Xenophobia and the man in black
By Michael Roberts
‘Bad Day at Black Rock’ was made at a time when the civil rights movement was starting to gain some traction in America and matters of race where figuring more prominently in public debate. It is a film where the action has the compression of a play, despite the cinematic potential of it’s outdoor settings, so it intends unashamedly to deliver a message from the outset by focusing our attention on a core group of xenophobes. Dore Schary was the production chief at MGM keen on ‘social commentary’ films but John Sturges as director was early into a career that would eventually earn him a reputation as an action film craftsman. The key to this film is the taut script, the talented ensemble cast and the crsip and unfussy direction, all combining to make a powerful and valid statement of the psychology of paranoia and the burden of guilt.
The opening is a wide shot of a massive train plowing through the Arizona desert, it pulls up in the one-horse town of Black Rock and a funerially garbed man in black alights. The locals are gobsmacked to see the train stop for the first time in 4 years, and seem overly wary of the stranger. The stranger Macreedy (Spencer Tracy) is in town for 24 hours, ‘in this place it could be a lifetime’, and announces he wants to go to a nearby location called Adobe Flat. The few locals that are around grow more tense and less welcoming by the minute and after Macreedy takes matters into his own hands in order to get a hotel room Hector (Lee Marvin) follows him and enters. ‘Need a hand’? was his sarcastic comment downstairs, after it was apparent Macreedy only has the use of one arm, and he continues his theme upstairs in the room, making it clear that there is no welcome for him in this town. Local big-shot Reno (Robert Ryan) arrives after a hunt, dead animal strapped to his car, and is informed of the stranger’s arrival. Macreedy goes to see the local sheriff (Dean Jagger) who is an ineffectual drunk, and asks about a local Japanese farmer called Kamoko and is told he was shipped off to an internment camp 4 years ago, after Pearl Harbour, and never returned. The local Doc (Walter Brennan) is the only person who is attempting to help Macreedy, but he warns he’s ‘peddlin’ dynamite’. Reno has a detective agency run Macreedy’s name in LA but it comes back with ‘Macreedy unknown’.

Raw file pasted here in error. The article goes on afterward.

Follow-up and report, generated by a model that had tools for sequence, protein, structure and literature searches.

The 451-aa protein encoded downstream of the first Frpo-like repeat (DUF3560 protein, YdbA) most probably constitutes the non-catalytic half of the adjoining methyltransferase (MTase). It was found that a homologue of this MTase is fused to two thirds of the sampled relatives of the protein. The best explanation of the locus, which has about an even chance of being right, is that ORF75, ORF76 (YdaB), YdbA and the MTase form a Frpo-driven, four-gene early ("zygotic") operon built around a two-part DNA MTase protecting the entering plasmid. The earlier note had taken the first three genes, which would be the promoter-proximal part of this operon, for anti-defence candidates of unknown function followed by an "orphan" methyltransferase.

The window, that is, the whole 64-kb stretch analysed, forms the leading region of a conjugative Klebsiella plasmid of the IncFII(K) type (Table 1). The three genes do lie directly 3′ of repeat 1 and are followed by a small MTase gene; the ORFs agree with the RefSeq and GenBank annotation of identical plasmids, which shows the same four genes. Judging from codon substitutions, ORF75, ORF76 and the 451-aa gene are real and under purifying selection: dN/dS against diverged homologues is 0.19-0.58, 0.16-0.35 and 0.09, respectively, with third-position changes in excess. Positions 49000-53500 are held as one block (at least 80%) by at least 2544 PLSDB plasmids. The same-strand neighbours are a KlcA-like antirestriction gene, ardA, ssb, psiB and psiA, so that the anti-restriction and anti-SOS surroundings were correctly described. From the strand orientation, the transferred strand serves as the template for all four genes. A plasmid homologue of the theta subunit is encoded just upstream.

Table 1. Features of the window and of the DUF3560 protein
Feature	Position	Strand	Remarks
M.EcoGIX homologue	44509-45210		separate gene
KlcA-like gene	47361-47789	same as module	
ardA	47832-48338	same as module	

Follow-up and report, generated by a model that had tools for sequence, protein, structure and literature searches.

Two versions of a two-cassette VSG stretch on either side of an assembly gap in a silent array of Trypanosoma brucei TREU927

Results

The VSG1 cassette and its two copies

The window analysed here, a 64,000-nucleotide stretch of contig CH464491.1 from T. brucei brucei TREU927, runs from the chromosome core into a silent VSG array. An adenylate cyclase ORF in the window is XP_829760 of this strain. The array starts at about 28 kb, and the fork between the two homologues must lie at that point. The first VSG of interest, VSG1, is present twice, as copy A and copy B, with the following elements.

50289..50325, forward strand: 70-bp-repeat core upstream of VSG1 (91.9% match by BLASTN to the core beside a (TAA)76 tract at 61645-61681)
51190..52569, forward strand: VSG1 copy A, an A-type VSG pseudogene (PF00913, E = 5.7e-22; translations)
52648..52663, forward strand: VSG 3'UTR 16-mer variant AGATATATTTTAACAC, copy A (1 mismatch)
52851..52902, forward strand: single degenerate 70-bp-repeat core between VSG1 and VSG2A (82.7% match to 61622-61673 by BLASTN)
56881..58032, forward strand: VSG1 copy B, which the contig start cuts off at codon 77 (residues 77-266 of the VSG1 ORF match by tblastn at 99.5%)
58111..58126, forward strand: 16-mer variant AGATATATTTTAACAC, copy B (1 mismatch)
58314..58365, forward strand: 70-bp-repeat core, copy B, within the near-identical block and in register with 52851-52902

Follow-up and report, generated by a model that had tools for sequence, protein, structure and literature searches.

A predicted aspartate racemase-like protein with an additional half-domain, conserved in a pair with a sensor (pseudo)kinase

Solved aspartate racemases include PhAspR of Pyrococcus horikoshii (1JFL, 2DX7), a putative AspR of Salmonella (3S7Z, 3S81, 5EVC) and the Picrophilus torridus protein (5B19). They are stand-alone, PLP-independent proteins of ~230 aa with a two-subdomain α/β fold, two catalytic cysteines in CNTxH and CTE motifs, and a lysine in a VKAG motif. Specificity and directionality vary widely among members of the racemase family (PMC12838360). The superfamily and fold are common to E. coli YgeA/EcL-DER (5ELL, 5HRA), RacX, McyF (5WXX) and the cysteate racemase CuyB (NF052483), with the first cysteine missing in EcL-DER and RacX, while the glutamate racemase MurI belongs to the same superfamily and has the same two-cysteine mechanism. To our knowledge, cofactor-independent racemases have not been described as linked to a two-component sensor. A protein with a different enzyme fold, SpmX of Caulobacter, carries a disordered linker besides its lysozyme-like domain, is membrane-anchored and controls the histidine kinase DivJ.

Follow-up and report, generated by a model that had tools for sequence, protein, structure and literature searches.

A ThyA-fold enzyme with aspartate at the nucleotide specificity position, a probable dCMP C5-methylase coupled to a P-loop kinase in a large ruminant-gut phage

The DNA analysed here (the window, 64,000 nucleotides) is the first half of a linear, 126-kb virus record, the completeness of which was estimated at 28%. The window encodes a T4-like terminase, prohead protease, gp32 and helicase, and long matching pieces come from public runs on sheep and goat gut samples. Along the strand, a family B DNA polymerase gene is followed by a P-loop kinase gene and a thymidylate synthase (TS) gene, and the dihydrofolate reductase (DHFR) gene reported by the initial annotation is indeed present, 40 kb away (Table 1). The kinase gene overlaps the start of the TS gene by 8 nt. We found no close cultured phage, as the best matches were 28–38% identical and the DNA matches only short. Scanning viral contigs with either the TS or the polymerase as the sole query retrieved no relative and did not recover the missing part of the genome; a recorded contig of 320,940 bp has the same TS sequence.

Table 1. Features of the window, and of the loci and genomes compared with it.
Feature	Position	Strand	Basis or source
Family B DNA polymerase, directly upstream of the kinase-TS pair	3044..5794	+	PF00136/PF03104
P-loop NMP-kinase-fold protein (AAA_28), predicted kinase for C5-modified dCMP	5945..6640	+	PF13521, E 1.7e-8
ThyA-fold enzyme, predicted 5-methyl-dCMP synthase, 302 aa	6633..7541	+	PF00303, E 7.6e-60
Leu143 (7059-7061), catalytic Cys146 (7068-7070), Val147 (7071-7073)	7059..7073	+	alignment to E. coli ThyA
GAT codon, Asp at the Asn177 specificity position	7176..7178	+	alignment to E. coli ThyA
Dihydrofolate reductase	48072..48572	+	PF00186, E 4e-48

Reno amps up the rhetoric against the stranger, ’he’s like a carrier or smallpox’ and it’s clear for some reason he wants Macreedy to disappear, and his local thugs Hector and Coley (Ernest Borgnine) will do the job. Macreedy hires a Jeep and drives out to Adobe Flat and finds an old burnt down farm and on his return journey is run off the road by Coley. Macreedy has had enough and decides to leave, but there is no train until the next day. Reno confronts Macreedy and discovers he’s an ex-war vet, lost the use of his arm in Italy, and Reno laments the fact that he was rejected after trying to sign up the day after Pearl Harbour. Macreedy goea nd takes a closer look at the farm and finds some wildflowers growing over an obviously un-marked grave. Convinced he’s now put the puzzle together he returns to town and sends a cable to the state police, but as Reno controls everything in town the cable is never sent. Doc tries to help after Macreedy is goaded into a fist fight by Coley, Macreedy finishes him brutally with one-armed karate moves, a legacy from his war training. Doc pressures Pete (John Ericson) to finally confess that a group of townsfolk went out to Kamoko’s after Pearl Harbour to ‘rough him up’, but that Reno shot him in a fit of rage, and all agreed to stay silent and cover it up. Pete arranges for his sister Liz (Anne Francis) to drive Macreedy out of town but she betrays the plan to Reno who ambushes the car, Reno shoots Liz but Macreedy is able to make a Molotov cocktail and kills Reno. (A curiously male dominated story, the feminine is only represented by Liz, and she’s just as fawning to Reno as most of the men). The train arrives the next day and Macreedy tells Doc that Kamoko’s son saved his life in Italy, but was himself killed, and that he was delivering thanks and a medal personally to Kamoko. Macreedy boards the train but leaves the medal for the town.